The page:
There is a very informative article in Foreign Affairs By Toby Greene and Jonathan Rynhold entitled: “Where Israel and Europe Go From Here ~ Why Economic and Strategic Cooperation Have Never Been Better.” After explaining that “In the period since Prime Minister Benjamin Netanyahu’s election in 2009, figures on the Israeli center and left have tended to speak gloomily about the relationship. Netanyahu’s policies have aggravated many European leaders, and in some parts of Europe helped mainstream a grassroots Boycott, Divestment, and Sanctions (BDS) movement, which seeks to ostracize Israel in civil society and undermine the very legitimacy of Israel as a Jewish nation state. “Europe,” as an opinion column in the liberal Israeli newspaper Haaretz put it recently, “is beginning to tire of Israel” … [and] … The roots of the perceived decline in Israeli–European ties lie in the deterioration in relations between Israel and the Palestinian Authority in the years after 2009, when Benjamin Netanyahu became Israeli prime minister. By 2012, the Palestinians, deeply distrustful of Netanyahu and facing a crisis of internal legitimacy, abandoned negotiations with Israel in favor of seeking international recognition, which culminated in Palestine’s acceptance as a non-member state by the UN. That move divided EU members, but Israel’s retaliation—new housing plans for the E1 area east of Jerusalem, which Palestinians argue is vital for the contiguity of a future Palestinian state—managed to unite them in opposition. In July 2013, the European Commission issued guidance to more explicitly ensure that EU agreements would not apply to the occupied territories. An EU move to label consumer products from Israeli settlements followed … [but] … The mood worsened in 2014, during a renewed conflict between Israel and Hamas. European cities filled with anti-Israel demonstrators: thousands in Berlin and Paris, and tens of thousands in London. The conflict also triggered a surge in anti-Semitism across Europe—recorded incidents doubled in Britain and France compared to the previous year. This increase, and the shootings of Jews by Islamist extremists in Belgium, Denmark, and France, led Netanyahu to call on European Jews to come “home” to Israel to escape “terrible anti-Semitism,” a call that upset French and German leaders keen to reassure their Jewish citizens … [and] … In late 2014, the parliaments of France, Ireland, Portugal, Spain, and the United Kingdom, as well as the European Parliament, passed motions in support of extending recognition to a Palestinian state, and Sweden broke ranks with its EU partners by doing so … [meanwhile] … the Netanyahu government’s illiberal legislative initiatives, including one that marginalized foreign-funded left-wing and human rights NGOs, led the EU to warn Israel that it risked undermining its democratic character … [and. finally] … Netanyahu’s reelection in 2015 with a narrower right-wing coalition apparently uninterested in a Palestinian state foretold worse to come. In the wake of US President Donald Trump’s election, key Israeli government coalition partner Naftali Bennett, leader of the pro-settlement Jewish Home party, argued that Israel should declare that “the era of the Palestinian state is over.” Netanyahu himself quietly dropped the phrase “two state solution” from his lexicon.“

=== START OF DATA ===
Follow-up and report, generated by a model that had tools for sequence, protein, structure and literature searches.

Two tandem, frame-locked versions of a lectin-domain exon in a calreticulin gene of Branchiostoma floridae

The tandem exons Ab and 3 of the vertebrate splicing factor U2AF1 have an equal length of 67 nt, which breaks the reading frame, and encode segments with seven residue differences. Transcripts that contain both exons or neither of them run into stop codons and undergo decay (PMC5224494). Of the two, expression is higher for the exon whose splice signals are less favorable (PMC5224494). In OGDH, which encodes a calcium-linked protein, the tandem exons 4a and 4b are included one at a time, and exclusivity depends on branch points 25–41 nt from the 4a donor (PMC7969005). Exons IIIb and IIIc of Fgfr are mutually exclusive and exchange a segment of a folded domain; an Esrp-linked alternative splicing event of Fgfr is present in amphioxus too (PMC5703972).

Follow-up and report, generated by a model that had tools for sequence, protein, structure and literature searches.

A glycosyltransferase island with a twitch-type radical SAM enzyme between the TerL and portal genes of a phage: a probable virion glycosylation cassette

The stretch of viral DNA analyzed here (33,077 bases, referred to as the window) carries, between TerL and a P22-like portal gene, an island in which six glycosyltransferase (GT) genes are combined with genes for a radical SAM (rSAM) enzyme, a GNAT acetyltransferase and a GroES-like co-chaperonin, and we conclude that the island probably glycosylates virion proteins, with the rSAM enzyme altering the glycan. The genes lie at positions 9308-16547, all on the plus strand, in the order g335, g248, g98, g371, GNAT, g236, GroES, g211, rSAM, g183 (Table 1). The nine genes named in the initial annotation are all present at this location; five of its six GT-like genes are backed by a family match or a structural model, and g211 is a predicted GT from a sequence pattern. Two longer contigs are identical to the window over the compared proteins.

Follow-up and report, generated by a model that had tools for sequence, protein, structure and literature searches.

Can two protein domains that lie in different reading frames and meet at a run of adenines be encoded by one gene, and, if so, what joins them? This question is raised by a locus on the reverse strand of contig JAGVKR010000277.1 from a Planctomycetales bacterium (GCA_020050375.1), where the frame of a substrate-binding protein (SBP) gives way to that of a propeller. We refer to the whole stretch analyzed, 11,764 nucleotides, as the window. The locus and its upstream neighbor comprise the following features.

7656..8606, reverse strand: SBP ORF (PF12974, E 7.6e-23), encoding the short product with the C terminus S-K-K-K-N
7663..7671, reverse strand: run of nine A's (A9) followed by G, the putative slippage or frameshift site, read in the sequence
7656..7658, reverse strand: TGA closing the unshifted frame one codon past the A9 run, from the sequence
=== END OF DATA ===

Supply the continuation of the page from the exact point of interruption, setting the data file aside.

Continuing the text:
That all sound very grim, but, Drs Greene and Rynhold write that: “Yet the outlook for the relationship is at worst a mixed one. Israel’s economic and security ties with European states are strong. Meanwhile, a heightened fear of Islamist extremism strengthens the argument of those European leaders who believe they share common enemies with Israel, because they share common values” … [and, while] … It might seem, then, that Israel’s European standing is in freefall … in some ways, economic and strategic cooperation between Israel and European states has never been better … [as indicated by the facts that] … Imports from Israel to the EU hovered steady between 2011 and 2016 at around 14.8 billion dollars—a historic high—and last year, European governments bought record levels of defense equipment from Israel. Israel’s reputation as the so-called start-up nation is much admired on the Continent, as are its energetic academic and creative exports. All of this has helped restore some of Israel’s soft power … [and] … What’s more, for all the bluster from Israeli ministers that anti-settlement measures constitute a discriminatory boycott, the EU’s focus on settlements promises to leave most of Israel’s economy and population untouched. Less than two percent of Israel’s exports to Europe come from settlements. More important for EU members’ trade balances, Israel is an increasingly important market, with imports from the EU growing from 14 billion euros in 2006 to more than 21 billion in 2016 … [further] … European BDS campaigns still lack the support needed to make governments consider jeopardizing their economic ties with Israel, and in any case, many Israeli exports are intermediate industrial products, making a grassroots boycott much harder to implement. Some countries, notably France and the United Kingdom, have introduced legal measures to prevent boycotts. In Germany, despite recent tensions, the country’s historical responsibility for the Holocaust remains a significant feature of political culture, and any hint of boycotting Israeli products challenges a major taboo … [and] … History resonates too for former Eastern bloc countries whose Jewish populations were largely annihilated in the Holocaust. Some of these states are among Israel’s most reliable supporters. The Czech Republic stood out in May 2017 when its parliament voted overwhelmingly that Jerusalem should be recognized as Israel’s capital.“